Viewers weigh in on Gun Violence Town Hall, solutions proposed 

Over 300 people attended a Town Hall on Gun Violence last Thursday, Feb. 15, at the Elsinore Theatre in downtown Salem. Over 750 more people streamed the event online.

Salem law enforcement, neighborhood and community leaders on the panel were asked to focus on solutions to the recent surge in shootings. The panelists were Salem Police Chief Trevor Womack, Salem-Keizer School District Security Field Coordinator Ken Ramirez, Marion County Juvenile Department Director Troy Gregg, Mano a Mano Executive Director Levi Herrera-Lopez, and Lynn Takata, chair of Northeast Neighbors.

Salem Reporter, which hosted the town hall, asked people who attended or watched online to weigh in on the community forum. Here’s what they had to say:

I was intrigued by the study commissioned by SPD and the stats. The town hall seemed to lean heavily on gun violence amongst the under 18 yo group despite it being a lower total of the results. Having worked with gang associated (Oregon Youth Authority) youth through Street Vision from 2002-2005 I became very familiar with the issue in Salem. 

What didn’t seem to be discussed was the 18 yo and up cohort. What interventions are being implemented for that group? What interventions are being used for a better system of gun control/registration?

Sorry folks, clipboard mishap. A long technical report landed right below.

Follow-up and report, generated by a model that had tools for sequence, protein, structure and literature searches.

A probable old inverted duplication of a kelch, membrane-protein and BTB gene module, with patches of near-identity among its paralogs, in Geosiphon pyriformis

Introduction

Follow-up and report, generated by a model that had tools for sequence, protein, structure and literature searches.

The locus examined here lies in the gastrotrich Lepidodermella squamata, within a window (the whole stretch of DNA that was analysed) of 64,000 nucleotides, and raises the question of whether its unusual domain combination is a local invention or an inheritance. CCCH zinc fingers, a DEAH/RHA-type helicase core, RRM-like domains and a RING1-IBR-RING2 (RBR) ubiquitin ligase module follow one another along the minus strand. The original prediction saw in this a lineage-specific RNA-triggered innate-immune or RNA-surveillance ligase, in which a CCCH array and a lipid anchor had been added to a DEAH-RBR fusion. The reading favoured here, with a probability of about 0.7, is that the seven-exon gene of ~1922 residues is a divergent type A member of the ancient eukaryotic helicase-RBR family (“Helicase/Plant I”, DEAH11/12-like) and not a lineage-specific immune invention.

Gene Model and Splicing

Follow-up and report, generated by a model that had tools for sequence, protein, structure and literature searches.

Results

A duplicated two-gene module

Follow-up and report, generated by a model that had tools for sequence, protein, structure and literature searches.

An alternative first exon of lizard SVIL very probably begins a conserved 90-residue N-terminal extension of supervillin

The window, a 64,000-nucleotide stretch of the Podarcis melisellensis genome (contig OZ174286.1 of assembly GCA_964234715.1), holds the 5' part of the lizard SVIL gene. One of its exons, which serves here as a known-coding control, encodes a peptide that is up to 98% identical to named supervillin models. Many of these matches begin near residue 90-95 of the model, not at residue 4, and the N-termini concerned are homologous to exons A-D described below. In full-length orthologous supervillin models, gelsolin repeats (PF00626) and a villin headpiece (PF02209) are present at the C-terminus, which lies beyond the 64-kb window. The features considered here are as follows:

After leaving Street Vision I was part of an agency that provided addiction/criminality programs in corrections and I also did preliminary screenings for early release. Unfortunately I saw quite a few of the youth I worked with at Street Vision in adult corrections. I retired from (Oregon State Hospital) in 2021 having worked for 10 years with forensic patients.

What am I willing to do now? Currently I am a member of the Salem Revenue Task Force to examine ways to maintain support services. However I would be interested in working with SPD to look at solutions for intervening with the 18 yo and up cohort.

Cathy van Enckevort

Trevor Womack, Salem police chief, speaks at the Town Hall on Gun Violence at Salem’s Elsinore Theatre on Thursday, Feb. 16, 2024. Ken Ramirez of the Salem-Keizer School District listens. (LAURA TESLER/Special to Salem Reporter)

My wife Paula Clarke and I were impressed by the quality and scope of the presentation by the panelists. As Trevor mentioned, having reliable information helps we as a community focus our efforts. 

We were encouraged by comments and suggestions by Ken, Lynn and Levi. Their neighborhood action plans seem practical and hopefully will be implemented with the help of City of Salem. Comments by Troy and Trevor supported their proposals.